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Feld Entertainment to close the ‘Greatest Show on Earth’ after 146 years
After 146 years, Feld Entertainment has announced that the Ringling Bros. and Barnum & Bailey Circus, known as the ‘Greatest Show on Earth’, will close forever in May.
Feld’s decision to close the iconic American spectacle has been put down to a range of factors - declining attendance combined with high operating costs, changing public tastes and prolonged battles with animal rights groups.
Making the announcement, Feld Entertainment Chairman and Chief Executive Kenneth Feld stated "this has been a very difficult decision for me and for the entire family."
The company broke the news to circus employees on Saturday night after shows in Orlando and Miami.
Ringling Bros. has two touring circuses this season and will perform 30 shows between now and May with its final shows to be staged in Providence, Rhode Island, on 7th May and in Uniondale, New York, at the Nassau County Coliseum on 21st May.
The circus, with its exotic animals, flashy costumes and death-defying acrobats, has been a staple of entertainment in the United States since the mid-1800s. Phineas Taylor Barnum made a traveling spectacle of animals and human oddities popular, while the five Ringling brothers performed juggling acts and skits from their home base in Wisconsin. Eventually, they merged and the modern circus was born. The sprawling troupes traveled around America by train, wowing audiences with the sheer scale of entertainment and exotic animals.
For decades the circuse was mainstream family entertainment with its arrival in cities and communities a major event of the year. However, as the 20th century progressed, youngsters became less enthralled by the circus’ spectacle as movies, television, video games and the internet captured young minds.
Commenting on the reason for the closure, Feld explained "there isn't any one thing (but) the competitor in many ways is time," Feld, adding that transporting the show by rail and other circus quirks - such as providing a travelling school for performers' children - are throwbacks to another era.
He added "it's a different model that we can't see how it works in today's world to justify and maintain an affordable ticket price. So you've got all these things working against it."
The Feld family bought the Ringling circus in 1967. The show was just under 3 hours then. Today, the show is 2 hours and 7 minutes, with the longest segment - a tiger act - clocking in at 12 minutes.
Feld commented “try getting a 3- or 4-year-old today to sit for 12 minutes."
Feld and his daughter Juliette Feld, who is the company's Chief Operating Officer, also acknowledged the impact of animal rights activities protests about its animal acts.
In May 2016, after a long and costly legal battle, the company removed the elephants from the shows and sent the animals to live on a conservation farm in Central Florida. The animals had been the symbol of the circus since Barnum brought an Asian elephant named Jumbo to America in 1882. In 2014, Feld Entertainment won $25.2 million in settlements from groups including the Humane Society of the United States, ending a 14-year fight over allegations that circus employees mistreated elephants.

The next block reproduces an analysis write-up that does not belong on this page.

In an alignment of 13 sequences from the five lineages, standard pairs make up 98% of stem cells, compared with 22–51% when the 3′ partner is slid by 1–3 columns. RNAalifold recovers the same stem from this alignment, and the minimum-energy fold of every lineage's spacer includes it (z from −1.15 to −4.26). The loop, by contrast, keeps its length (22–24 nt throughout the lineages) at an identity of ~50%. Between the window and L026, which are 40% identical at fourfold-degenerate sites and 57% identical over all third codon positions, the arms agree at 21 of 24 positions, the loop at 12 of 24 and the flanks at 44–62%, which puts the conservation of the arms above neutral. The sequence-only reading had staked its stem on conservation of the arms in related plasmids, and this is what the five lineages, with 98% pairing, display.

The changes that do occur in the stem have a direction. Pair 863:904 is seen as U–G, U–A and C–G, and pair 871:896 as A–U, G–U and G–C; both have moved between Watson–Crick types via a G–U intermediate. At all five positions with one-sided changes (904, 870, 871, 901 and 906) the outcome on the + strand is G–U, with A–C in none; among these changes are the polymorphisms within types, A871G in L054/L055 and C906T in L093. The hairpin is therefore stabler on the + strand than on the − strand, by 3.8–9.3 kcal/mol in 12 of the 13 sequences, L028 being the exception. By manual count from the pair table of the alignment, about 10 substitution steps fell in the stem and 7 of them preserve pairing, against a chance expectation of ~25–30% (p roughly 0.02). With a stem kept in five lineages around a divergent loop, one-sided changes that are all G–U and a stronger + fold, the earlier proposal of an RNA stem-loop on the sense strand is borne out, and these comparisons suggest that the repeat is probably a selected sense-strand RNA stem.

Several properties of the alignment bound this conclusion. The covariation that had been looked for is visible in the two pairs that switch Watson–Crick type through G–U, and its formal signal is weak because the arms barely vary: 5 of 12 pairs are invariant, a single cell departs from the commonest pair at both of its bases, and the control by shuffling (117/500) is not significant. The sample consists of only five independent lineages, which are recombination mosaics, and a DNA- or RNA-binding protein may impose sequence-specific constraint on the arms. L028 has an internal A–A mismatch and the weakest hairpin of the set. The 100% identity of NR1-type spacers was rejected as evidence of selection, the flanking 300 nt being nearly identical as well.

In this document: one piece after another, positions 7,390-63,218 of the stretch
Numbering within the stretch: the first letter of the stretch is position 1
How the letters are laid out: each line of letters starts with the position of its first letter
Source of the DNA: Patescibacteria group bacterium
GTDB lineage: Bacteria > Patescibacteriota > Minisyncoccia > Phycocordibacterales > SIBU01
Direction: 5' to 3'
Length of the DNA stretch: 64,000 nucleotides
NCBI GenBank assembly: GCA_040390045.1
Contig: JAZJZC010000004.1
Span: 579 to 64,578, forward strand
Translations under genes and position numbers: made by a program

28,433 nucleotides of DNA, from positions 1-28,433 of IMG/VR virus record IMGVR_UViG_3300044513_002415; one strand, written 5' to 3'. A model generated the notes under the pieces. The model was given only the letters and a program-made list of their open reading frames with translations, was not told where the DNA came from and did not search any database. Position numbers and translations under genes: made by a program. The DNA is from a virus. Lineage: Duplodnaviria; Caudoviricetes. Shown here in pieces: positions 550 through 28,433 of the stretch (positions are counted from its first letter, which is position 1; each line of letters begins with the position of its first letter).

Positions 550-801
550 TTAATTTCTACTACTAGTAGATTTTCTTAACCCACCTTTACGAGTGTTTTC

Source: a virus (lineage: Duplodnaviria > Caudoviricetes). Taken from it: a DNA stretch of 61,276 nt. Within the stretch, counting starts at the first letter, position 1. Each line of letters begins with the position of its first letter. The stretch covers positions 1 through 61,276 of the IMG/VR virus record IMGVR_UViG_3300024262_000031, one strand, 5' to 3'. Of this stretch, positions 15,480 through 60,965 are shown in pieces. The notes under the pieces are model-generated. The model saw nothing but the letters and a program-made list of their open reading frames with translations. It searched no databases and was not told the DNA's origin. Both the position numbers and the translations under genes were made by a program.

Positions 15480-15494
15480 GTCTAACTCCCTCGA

Attendance has been dropping for 10 years, said Juliette Feld, but when the elephants left, there was a "dramatic drop" in ticket sales.
Paradoxically, while many said they didn't want big animals to perform in circuses, many others refused to attend a circus without them.
She added “we know now that one of the major reasons people came to Ringling Bros. was getting to see elephants.
"We stand by that decision. We know it was the right decision. This was what audiences wanted to see and it definitely played a major role."
People for the Ethical Treatment of Animals, a longtime opponent of the circus, welcomed the closure of the circus.
Ingrid Newkirk, President of People for the Ethical Treatment of Animals, wrote in a statement “after 36 years of PETA protests, which have awoken the world to the plight of animals in captivity, PETA heralds the end of what has been the saddest show on earth for wild animals, and asks all other animal circuses to follow suit, as this is a sign of changing times.”
Wayne Pacelle, President and Chief Executive of The Humane Society of the United States, acknowledged the move was "bittersweet" for the Felds but said "I applaud their decision to move away from an institution grounded on inherently inhumane wild animal acts."
The Felds say their existing animals - lions, tigers, camels, donkeys, alpacas, kangaroos and llamas - will go to suitable homes. Juliette Feld says the company will continue operating the Center for Elephant Conservation.
Some 500 people perform and work on both touring shows. A handful will be placed in positions with the company's other, profitable shows - it owns Monster Jam, Disney on Ice and Marvel Live, among other things - but most others will be out of a job.
Images: The performing elephants of the Ringling Bros. and Barnum & Bailey Circus (top) and Kenneth Feld (below).
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